When it comes to innovations in technology and agriculture, Bhutanese farmers are generally slow to adopt them. “Most farmers are happy to sit on their plot and do the same thing they’ve been doing for generations,” says Ap Naku, a 64-year-old farmer.
There are several reasons for farmers to be risk-averse: small land holdings, rugged topography, and limited mechanization make farming labor intensive. Farmers have little time to contemplate the costs and benefits of the introduction of new practices or investments. “And, most people in the East [of Bhutan] are usually laid back – too laid back. They’re content with whatever situation they have.”
But for those that do take risks, like Ap Naku, the rewards can be substantial. Since retiring from his post as drimpon (“a high officer”) in the army after 33 years of service, he has been blazing trails for farmers in his village of Rangshikhar. “I always look to try out different practices. If we don’t take risks, how else can we improve?”
When he returned to his village in 1998, he found that his 10-acre land holding had been left barren and underutilized. “At the time, the land was only being used for maize and rice. But I saw more opportunities.”
Having leased the land to other villages while he was in service, Ap Naku wanted to take over the land full time. He was anxious to operationalize the many ideas he had swimming in his head. He began by introducing the practice of raising Jersey cows for milk and cheese production. He quickly followed this by setting up a small poultry farm for eggs. Within years, these businesses were collectively generating Nu 7,000 - 14,000 per month ($150 - $250). Alongside these ventures, he began commercial farming with peach trees and mushrooms.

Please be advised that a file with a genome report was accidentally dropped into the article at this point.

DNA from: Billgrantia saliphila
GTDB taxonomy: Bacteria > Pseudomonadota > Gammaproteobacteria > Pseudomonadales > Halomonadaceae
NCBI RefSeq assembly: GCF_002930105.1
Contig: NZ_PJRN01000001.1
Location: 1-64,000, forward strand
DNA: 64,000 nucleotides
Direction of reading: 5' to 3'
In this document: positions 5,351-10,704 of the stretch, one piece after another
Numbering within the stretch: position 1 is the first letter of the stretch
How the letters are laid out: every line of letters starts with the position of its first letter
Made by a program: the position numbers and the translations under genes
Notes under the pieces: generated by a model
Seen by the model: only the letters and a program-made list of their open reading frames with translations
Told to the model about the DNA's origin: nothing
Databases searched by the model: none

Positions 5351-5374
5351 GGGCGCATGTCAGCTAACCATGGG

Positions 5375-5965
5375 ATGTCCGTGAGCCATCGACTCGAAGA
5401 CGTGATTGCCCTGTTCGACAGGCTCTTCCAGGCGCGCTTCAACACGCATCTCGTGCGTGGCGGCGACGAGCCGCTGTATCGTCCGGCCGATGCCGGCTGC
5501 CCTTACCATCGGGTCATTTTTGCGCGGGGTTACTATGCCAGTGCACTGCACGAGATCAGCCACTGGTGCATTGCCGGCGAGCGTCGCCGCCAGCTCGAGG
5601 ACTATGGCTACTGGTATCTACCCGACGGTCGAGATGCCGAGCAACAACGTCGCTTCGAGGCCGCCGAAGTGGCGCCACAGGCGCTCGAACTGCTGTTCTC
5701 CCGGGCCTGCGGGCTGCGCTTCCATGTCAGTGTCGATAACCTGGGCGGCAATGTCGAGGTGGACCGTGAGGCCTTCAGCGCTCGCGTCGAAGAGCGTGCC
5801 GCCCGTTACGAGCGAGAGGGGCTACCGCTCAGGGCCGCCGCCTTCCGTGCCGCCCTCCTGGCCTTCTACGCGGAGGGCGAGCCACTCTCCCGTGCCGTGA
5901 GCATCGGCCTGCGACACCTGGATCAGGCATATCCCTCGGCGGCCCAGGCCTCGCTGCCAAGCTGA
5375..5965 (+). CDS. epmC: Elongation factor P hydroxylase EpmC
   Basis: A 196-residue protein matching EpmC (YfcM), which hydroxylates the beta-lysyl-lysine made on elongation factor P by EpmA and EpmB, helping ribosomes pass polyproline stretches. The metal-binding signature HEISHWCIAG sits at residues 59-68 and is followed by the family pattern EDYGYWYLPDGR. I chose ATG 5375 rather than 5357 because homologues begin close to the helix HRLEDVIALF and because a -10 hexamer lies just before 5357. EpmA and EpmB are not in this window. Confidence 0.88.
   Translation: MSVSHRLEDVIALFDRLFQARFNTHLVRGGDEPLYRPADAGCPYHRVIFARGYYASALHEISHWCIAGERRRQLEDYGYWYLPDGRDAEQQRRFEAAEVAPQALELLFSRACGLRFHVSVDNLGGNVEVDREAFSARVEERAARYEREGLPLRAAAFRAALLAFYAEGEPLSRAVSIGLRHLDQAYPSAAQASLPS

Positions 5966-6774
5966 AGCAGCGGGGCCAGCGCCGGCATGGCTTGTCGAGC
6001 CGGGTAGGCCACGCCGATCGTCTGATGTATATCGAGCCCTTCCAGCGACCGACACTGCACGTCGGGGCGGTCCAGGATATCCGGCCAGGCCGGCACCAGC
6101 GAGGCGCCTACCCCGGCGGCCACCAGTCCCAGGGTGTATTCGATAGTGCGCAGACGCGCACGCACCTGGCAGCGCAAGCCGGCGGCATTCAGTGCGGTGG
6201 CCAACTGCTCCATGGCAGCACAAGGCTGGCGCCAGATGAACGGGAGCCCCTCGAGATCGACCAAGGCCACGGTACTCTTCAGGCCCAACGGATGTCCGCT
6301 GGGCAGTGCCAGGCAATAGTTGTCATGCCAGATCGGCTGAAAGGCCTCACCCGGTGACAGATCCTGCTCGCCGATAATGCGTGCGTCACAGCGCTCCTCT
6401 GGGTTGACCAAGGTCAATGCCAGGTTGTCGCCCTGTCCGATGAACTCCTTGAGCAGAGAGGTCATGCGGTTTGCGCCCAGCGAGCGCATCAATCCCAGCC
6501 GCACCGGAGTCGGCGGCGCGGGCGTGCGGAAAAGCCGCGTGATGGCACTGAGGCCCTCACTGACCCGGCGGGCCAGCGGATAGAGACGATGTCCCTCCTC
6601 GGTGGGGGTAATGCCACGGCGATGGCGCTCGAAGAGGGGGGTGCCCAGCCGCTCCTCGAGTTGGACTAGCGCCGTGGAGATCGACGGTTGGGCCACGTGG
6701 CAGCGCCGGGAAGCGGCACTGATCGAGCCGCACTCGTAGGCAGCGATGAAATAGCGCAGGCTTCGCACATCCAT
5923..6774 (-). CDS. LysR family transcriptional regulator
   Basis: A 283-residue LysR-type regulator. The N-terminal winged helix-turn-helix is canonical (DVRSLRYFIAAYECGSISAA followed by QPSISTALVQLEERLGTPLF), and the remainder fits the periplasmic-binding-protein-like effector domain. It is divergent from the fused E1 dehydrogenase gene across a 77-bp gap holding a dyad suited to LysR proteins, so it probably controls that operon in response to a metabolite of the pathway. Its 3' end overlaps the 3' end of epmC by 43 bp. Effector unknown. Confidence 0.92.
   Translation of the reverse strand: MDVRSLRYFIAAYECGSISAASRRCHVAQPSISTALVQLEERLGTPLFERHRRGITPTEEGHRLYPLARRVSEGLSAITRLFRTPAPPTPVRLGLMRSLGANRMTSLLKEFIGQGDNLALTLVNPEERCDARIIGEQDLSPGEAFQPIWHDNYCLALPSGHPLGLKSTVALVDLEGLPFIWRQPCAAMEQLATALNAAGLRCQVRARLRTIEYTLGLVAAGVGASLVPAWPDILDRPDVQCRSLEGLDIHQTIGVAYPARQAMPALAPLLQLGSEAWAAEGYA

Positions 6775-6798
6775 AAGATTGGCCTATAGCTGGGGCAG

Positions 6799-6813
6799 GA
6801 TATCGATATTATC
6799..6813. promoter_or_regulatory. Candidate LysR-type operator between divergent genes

The surrounding community started to take notice. “Time after time when I started each of these, people were saying, ‘Oh, that won’t work here.’ But then after a year, everyone is trying to set one up!”
Not all farmers were prospering, though. Many experienced regular crop failures and difficulty in bringing their produce to market. Rather than fence off his profits, Ap Naku led the way towards the establishment of farmer producer groups. These groups were designed to share knowledge of best practices, coordinate the transport of produce to local markets and auction yards, and distribute profits equally between member farmers. “Forming groups is important. It’s a great way to ensure that the community prospers together.”
“Every week, it seems, farmers come on tours to see my fields. They know that everything I’ve done in the past has been a success. So they all are ready to plant hazelnuts as well.”
With the additional income from the hazelnuts, he plans to set up a “hazelnut fund” - savings that would ensure his family continues to prosper. “Being a farmer is always risky but we need some form of security for the future. I want my children and their children to have that.”